Southern Company Earnings – Beyond The Headlines
Chad is a member of The Motley Fool Blog Network -- entries represent the personal opinion of the blogger and are not formally edited.
Southern Company (NYSE: SO) is a well respected utility that many consider one of the safest and best buys today. The company operates in areas with growing populations, and is run conservatively. The fact that the stock has moved nearly straight up since the lows of 2009, doesn't hurt the company's popularity either. For income seekers, the stock's 4.26% current yield must look pretty good compared to other options like low rate CDs and bonds. Southern Company reported earnings not long ago, which gives us a chance to see how the company's doing. Many investors might just read the headlines and move on. I like to dig a little deeper into the numbers to see if there are trends that others might miss.
As a regulated utility, Southern Company operates in about as stable of a business as you could ask for. The company is essentially told how much it can charge for services, and then provides these services and collects the monthly bills. All utilities were hurt by this last winter's unusually warm weather and Southern Company was no exception. Revenues were down 10.2% and EPS was down 16% primarily due to the warmer than usual temperatures. The company owns 5 regulated utilities, and in all but two cases, net income for these units was down 17.1% or more. What some might have missed is, while the warmer weather did affect earnings, the company offset some of this impact with pricing. Southern Company specified they believe that they added about $0.05 to earnings through pricing, but lost about $0.08 through warmer weather effects, for a net loss of $0.03 per share. Since the company reported EPS down $0.08 from last year, where did the other $0.05 come from? One factor was the company had about 2.2% more shares outstanding versus last year. This accounted for the $0.01 EPS change. The company also reported higher depreciation which added another $0.02, and other one-time charges made up the remainder. This is important to understand because it wasn't just warmer weather that caused the drop in earnings. The company had some other challenges beyond that one factor.
There were some positives reported behind the headline numbers as well. First, the company saw strong residential growth with about 15,000 new customers. This was a big jump in new customers versus the 2,000 additions last year. Second, the company is seeing, “positive indications of economic growth in our service territory”. That has to be good news to hear, no matter if you are a Southern Company investor or not. Last, Southern Company has some diversification to their revenue stream that other utilities do not. Southern Company is nearly perfectly split between residential energy, commercial energy, and industrial energy sales. This helped the company tremendously since residential sales were down 13.7%, but commercial and industrial sales were down just 3.1% and 1.9% respectively.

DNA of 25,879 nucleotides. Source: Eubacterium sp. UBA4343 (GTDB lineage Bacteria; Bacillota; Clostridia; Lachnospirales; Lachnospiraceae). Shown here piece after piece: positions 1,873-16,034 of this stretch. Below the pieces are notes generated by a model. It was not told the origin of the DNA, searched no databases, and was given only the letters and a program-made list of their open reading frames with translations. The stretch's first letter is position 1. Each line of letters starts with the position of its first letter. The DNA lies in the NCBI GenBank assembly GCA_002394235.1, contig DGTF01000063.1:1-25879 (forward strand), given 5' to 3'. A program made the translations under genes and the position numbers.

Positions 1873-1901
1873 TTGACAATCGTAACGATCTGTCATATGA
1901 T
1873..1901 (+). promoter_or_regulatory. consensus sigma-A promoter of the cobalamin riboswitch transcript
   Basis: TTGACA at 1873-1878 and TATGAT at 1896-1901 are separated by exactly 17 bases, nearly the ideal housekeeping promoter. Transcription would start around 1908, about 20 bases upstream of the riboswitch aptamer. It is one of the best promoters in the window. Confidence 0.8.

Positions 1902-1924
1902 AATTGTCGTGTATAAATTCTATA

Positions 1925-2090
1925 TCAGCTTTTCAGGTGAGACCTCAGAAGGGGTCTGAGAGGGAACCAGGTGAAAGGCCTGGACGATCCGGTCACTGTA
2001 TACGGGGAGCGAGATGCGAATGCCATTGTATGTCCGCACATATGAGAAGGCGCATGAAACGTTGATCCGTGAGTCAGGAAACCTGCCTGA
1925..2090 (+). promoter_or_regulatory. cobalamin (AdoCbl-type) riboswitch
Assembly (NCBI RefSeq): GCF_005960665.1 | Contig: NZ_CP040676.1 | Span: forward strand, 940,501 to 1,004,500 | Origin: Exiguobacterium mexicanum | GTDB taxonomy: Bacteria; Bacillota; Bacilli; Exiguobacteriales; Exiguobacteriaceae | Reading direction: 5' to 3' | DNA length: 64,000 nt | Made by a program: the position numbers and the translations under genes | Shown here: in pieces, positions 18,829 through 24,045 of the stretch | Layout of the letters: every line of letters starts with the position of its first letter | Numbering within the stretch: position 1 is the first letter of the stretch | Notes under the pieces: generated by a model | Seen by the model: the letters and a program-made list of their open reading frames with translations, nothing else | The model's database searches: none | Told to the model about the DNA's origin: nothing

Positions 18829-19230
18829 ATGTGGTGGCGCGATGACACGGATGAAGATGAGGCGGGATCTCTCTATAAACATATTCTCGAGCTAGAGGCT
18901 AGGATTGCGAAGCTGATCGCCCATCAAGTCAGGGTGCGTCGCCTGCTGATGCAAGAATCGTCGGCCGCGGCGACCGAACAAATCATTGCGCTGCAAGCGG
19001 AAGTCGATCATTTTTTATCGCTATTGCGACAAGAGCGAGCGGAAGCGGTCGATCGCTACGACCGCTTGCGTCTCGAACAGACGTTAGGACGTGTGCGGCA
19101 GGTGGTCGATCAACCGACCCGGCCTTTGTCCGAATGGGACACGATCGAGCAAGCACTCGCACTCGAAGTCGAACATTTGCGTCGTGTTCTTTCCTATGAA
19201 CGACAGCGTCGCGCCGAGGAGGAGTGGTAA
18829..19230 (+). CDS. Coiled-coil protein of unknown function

Most investors buy utilities for their dividend, so it always makes sense to check on the health of the company's payout. Unfortunately, I found the same pattern here as with some other utilities I've studied. In the first quarter, the company generated about $568 million in operating cash flow, but spent $1.231 billion in capital expenditures. Anyone can tell you, when you spend more than twice what you brought in, there is going to be a need to borrow money. If this were a one time event, I would write this off to seasonal factors. The problem is, this isn't the first time the company has borrowed to cover the dividend. In the last three years, after the company's capital expenditures, the average year shows a slightly negative cash flow amount. Literally speaking, Southern Company has been paying its dividends by leveraging its balance sheet. You can see this from the fact that in that same three year timeframe, the company's total long-term liabilities have jumped by about $4 billion. This type of activity isn't limited to just Southern Company either. Duke Energy (NYSE: DUK) another popular dividend payer, has basically done the same thing. Duke shows negative free cash flow for the last three years plus, and has taken on over $2.5 billion in more debt to cover dividends and capital expenditures. While both Duke and Southern Company are stable enough to cover these additional debts, this is not a sustainable way to pay dividends. Both companies will face a choice at some point in the future to either curtail capital expenditures (which hurts future growth), or to lower or not increase their dividends.
In short, Southern Company operates in a growing part of the country, and they see positive signs of economic growth. However, the company needs to make some hard decisions when it comes to their dividend and how they can get back to paying the dividend out of free cash flow, rather than borrowing the funds to make these payments. Southern Company has a long history of increasing their dividend, but at some point, something has to give. Hopefully, the growth in the company's service area will increase earnings enough to make this cash flow problem a non-issue. I don't see Southern Company having a problem short-term, but longer-term I'm starting to get a little worried.
MHenage has no positions in the stocks mentioned above. The Motley Fool has no positions in the stocks mentioned above. Motley Fool newsletter services recommend Southern Company. Try any of our Foolish newsletter services free for 30 days. We Fools may not all hold the same opinions, but we all believe that considering a diverse range of insights makes us better investors. The Motley Fool has a disclosure policy.If you have questions about this post or the Fool’s blog network, click here for information.